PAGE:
Review of FIPS

FIPS, the title of Werner Fürbringer’s WWI memoirs, comes from the nickname Fürbringer earned while becoming one of Germany’s greatest U-boat aces (101 ships sunk).  During the interbellum years, he was instrumental in rebuilding the German Navy.  His memoirs came out during those years and have fascinated readers by both the intimate portrayal of the U-boat service and the picture of WWI submarine warfare.

It has ever been my opinion that Germans should take pride in their U-boat service.  Their history in both WWI and WWII displays great gallantry in face of the enemy, and they carried out their duty aggressively despite appalling loss rate of 80% and 75% respectively.  These memoirs show Germans adhering closely to prize warfare in the early days of the war (capturing merchantmen before sinking their ships) despite the many more dangers this poses to submarines than to surface warships.  Even after unrestricted submarine warfare was declared, they generously helped their victims however they could.

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Book Recommendation – Germany: Memories of a Nation

I learned about Neil MacGregor when I saw his name in the History Book Club catalog.  Searching for his name in the local library did not bring me the same book, but I was intrigued by the title Germany: Memories of a Nation.  Reading the memoirs of Heros von Borcke, a famed Prussian cavalryman who served under Jeb Stuart, brought to my attention how little I knew of Germany’s history between Charlemagne and the Renaissance and between the Renaissance and World War II.  With the thought that this book would help fill in those gaps, I plunged into it.

One of the considerable problems with writing a history of Germany is that Germany only first existed as a state in 1871 when Otto von Bismarck brought about unification.  Prior to this point, the land we refer to today as Germany existed as a federation of states known as the Holy Roman Empire.  Though having a ruler, the Holy Roman Empire, the individual states often pursued their own political and economic goals.  How does one create anything like a comprehensive history such a loosely united principalities?

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Teddy Suhren’s Memoirs

Suhren’s memoirs, Teddy Suhren, Ace of Aces: Memoirs of a U-boat Rebel, stands as a very interesting, but all too short, German submariner’s reminiscences of the Second World War.  Suhren’s real first name is Reinhard.  His nickname Teddy comes from his days in basic training, when his comrades noticed that he marched like a teddy bear.  And so, the name stuck.  The officer in charge of his training remarked to Suhren later in the war that he succeeded in training many thousands of young men, but Suhren was the one recruit in whom he did not succeed!  Despite his lack of polish, Suhren excelled in his U-boat training, became one of Admiral Karl Dönitz’s best U-boat captains, and was promoted out of the boats to be a section commander in Narvik, Norway during 1942.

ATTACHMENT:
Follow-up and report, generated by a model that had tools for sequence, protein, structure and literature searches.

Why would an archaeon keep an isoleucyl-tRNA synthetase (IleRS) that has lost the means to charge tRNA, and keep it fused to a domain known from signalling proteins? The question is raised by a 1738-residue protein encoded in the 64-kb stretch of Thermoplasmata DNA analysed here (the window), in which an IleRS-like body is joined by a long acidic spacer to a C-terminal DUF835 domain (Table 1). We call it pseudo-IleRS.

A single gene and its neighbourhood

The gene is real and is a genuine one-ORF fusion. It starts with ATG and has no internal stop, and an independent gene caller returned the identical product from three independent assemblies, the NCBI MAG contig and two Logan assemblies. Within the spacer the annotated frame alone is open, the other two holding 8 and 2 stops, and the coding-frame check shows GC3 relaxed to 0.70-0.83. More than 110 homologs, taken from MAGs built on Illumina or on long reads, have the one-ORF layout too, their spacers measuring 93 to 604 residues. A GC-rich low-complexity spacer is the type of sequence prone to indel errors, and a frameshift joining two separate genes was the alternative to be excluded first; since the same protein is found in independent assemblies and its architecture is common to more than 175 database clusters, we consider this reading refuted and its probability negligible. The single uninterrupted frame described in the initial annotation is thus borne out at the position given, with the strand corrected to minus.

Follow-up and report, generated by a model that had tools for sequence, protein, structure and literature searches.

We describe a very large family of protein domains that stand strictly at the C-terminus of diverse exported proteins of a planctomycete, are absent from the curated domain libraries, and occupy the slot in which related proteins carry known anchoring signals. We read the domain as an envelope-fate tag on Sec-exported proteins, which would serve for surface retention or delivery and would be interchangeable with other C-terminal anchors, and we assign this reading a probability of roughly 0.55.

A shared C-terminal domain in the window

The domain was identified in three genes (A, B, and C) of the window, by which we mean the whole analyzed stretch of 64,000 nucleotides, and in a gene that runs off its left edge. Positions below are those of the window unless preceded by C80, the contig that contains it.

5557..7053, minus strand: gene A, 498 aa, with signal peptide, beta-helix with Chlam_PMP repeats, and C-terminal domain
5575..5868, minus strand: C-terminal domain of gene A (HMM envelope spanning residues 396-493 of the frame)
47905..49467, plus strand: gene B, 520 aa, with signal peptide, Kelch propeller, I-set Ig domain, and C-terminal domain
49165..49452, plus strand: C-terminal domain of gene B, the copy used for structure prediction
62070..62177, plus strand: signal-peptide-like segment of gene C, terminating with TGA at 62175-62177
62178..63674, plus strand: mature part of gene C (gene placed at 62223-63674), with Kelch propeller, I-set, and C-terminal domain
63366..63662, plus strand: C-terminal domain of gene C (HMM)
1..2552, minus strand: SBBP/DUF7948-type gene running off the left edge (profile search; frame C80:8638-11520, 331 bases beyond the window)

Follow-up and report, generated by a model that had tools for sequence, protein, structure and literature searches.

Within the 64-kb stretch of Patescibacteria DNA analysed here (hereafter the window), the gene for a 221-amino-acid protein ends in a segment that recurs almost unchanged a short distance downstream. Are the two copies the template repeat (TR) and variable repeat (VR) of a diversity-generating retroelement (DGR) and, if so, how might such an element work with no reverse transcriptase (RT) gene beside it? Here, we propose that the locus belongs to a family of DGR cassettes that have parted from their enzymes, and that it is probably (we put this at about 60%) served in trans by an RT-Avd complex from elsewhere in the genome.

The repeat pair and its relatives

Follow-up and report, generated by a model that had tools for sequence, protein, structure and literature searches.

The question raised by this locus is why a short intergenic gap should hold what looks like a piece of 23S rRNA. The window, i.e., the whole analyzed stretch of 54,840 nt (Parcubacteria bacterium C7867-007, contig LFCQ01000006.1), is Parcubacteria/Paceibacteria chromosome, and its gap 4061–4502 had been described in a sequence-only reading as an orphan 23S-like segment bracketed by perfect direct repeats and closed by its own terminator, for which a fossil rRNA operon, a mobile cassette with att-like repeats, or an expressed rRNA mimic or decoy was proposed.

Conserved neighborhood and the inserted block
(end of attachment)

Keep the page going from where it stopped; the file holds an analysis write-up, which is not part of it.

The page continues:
Suhren’s promotion occurred just when the Battle of the Atlantic turned against the U-boats.  For this reason, Peter Cremer’s U-boat Commander is a much more compelling memoir: in warfare which claimed the lives of 75% of German submariners, Cremer became one of only two captains made in 1942 to survive the war.  Cremer’s memoirs also contain far more detail about the difficulties posed by Allied destroyers and anti-submarine planes and the progress in U-boat technology.

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Thoughts on A Hobbit, a Wardrobe, and a Great War

Studying World War One has been on my mind for the past while.  The Great War set the course for all the events which came after it and deeply altered Western culture.  The part this war played in shaping the fiction of Tolkien and Lewis has also aroused my curiosity.  And so, this book supplies for both of my wants, since it describes the world prior to the war, the attitudes of Tolkien and Lewis to WWI, their careers during the war, and how it shaped their lives and works.  The book contains an impressive amount of information in its short two hundred pages.


The early chapters inform the reader of the important intellectual movements prior to the war.  These movements proposed that science, technology, and the state could build a superior society without reliance upon God.  Eugenics and Social Darwinism played a huge role in these Utopian schemes, which all crumbled in the cataclysm of 1914-1918.  World War I ushered in an era of pessimism with patriotic and religious values being suspect and often disowned.  Former soldiers often led the way in literature by sucking all the glory and meaning from war.  The book attempts to answer the question why Tolkien and Lewis defended traditional values in a world where most intellectuals were turning against them.

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The Plague of Eugenic Thinking

Having just finished G. K. Chesterton’s Eugenics and Other Evils, I wished to write some thoughts of mine in response to his ideas while I am yet chewing on them.  Call this article the Bordeaux I’m using to wash them down.  (At least, I hope it comes off as having such quality and not that of Budweiser.)  Chesterton wrote this work in response to the craze for Nietzschean ideas he saw prior to the First World War.  Many people wished to produce a society of Übermenschen through the use of Eugenics.  Chesterton starts with talking about the Feeble-Minded Act of 1913, which targeted people who lacked mental vigor, i.e. not being able to competently look after their own interests, for removal to mental asylums.  Chesterton linked this into one of his favorite themes: how easy it might be to declare anyone insane.  Within the U.S.S.R., a certain Russian poet was sent to Siberia for insanity because he believed in God.

Funny Eugenics

In response to people who believed that less competent persons ought to be sent to asylums, he juxtaposes feeble-mindedness against real insanity.  Real insanity is simply refusing to adhere to the facts.  He states that five different poets might see a tree five different ways–including the melancholic poet who sees it as a good place to hang himself.  However, all five see a tree.  The lunatic will see a lamp-post or something else.  The reason we so worry about the lunatic hurting himself or others lies in him having superimposed his fantasies over true reality.  A feeble-minded person sees reality, but is merely not able to profit himself or society as much as the strong-minded fellow, who might even be more of a pain to others than the poor feeble-minded fellow, as Chesterton amusingly points out.